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Mountain pine beetle continues to decline in Alberta

December 9, 2022  By Government of Alberta

Mountain pine beetle in the Hinton, Alta., region. Photo: Government of Alberta.

Beetle populations in Alberta have declined 94 per cent from their most recent peak in 2019. The drop reflects the continuous efforts to slow the spread following the 2019 and 2020 winter seasons.

Sustained periods of widespread, extreme cold increased beetle mortality and have helped to limit population growth.

“I have personally seen the effect of mountain pine beetles, and understand the risk that outbreaks pose for the livelihoods of thousands of Albertans and the resilience of our forests. I am pleased to see that our approach to controlling the spread of mountain pine beetles and favourable weather trends are having such a positive impact in many areas around the province, and we will continue to protect our forests for future generations,” said Todd Loewen, Minister of Forestry, Parks and Tourism.

Aerial surveys to detect lodgepole pine trees killed by mountain pine beetles completed in August covered 6.88 million hectares. These surveys focus on specific areas where beetle populations are still actively killing trees.


To date, more than 2.4 million hectares of Alberta forest have been affected by the spread of mountain pine beetle, killing nearly all the pine trees in the most severely affected areas.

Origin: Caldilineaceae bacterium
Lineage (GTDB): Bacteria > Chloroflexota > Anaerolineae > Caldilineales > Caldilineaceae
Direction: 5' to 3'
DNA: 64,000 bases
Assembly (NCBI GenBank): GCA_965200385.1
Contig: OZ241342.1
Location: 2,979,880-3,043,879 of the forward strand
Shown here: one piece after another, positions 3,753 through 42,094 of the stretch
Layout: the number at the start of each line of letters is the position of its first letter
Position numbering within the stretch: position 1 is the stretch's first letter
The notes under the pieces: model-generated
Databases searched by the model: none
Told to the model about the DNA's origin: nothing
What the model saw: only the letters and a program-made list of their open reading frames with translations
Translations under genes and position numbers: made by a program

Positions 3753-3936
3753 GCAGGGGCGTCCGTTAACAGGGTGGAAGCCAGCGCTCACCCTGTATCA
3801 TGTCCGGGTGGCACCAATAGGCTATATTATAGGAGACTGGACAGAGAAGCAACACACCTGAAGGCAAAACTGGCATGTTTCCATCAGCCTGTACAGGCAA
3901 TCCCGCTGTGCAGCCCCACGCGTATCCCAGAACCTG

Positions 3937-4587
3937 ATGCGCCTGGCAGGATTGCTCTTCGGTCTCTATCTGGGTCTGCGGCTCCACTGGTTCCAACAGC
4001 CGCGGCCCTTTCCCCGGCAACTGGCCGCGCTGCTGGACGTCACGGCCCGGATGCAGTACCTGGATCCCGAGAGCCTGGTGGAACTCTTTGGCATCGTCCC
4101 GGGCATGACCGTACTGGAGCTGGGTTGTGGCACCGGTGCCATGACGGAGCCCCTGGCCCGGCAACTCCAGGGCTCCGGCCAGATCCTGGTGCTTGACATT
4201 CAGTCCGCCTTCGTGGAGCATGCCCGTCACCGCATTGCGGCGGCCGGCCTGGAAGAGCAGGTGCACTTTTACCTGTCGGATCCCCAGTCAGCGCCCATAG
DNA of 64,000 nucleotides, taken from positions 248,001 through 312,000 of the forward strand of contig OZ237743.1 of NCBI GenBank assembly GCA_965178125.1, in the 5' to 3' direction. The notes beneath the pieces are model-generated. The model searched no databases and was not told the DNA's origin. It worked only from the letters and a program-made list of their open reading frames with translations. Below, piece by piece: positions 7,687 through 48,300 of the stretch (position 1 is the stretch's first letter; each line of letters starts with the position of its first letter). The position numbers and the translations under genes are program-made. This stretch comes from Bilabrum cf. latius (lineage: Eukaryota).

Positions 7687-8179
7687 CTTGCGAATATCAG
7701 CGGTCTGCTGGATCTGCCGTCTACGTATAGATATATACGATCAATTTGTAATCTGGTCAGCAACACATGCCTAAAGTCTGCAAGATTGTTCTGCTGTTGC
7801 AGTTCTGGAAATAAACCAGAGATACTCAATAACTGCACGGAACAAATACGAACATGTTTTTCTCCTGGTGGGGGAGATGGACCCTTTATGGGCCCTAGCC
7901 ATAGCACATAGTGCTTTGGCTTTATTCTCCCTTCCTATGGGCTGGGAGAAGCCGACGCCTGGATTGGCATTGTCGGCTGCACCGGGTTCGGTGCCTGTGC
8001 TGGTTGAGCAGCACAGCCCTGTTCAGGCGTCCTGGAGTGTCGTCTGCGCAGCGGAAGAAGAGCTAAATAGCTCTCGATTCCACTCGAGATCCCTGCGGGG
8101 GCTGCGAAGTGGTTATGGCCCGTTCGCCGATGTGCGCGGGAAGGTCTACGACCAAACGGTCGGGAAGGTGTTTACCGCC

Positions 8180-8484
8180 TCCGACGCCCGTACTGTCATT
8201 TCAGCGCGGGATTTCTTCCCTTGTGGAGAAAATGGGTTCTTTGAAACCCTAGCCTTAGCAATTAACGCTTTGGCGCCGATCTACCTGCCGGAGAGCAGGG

While a sharp, widespread decline in mountain pine beetle populations is welcome news for the province, the threat of resurgence still remains in some areas. Continued population pressure from Banff National Park, coupled with recent, relatively mild winters, mean that the Bow Valley, Kananaskis and Crowsnest Pass areas remain a priority for continued management and control.

On-the-ground activities underway

Partnering with local and Indigenous contractors, Alberta’s mountain pine beetle management plan moves into its next phase, which includes control activities such as targeted, single-tree cutting and burning, whole-tree chipping and harvesting entire areas of affected pine trees as needed. Ground operations are underway to manage sites in areas of concern. In 2021, the average number of infested trees per site fell to about three, the lowest number since Alberta’s management program began, and a drastic drop from the 2009 all-time high of more than 18 per site.

There are 5.5 million hectares of pine in Alberta that is susceptible to mountain pine beetle. The value of this pine is more than $11 billion.

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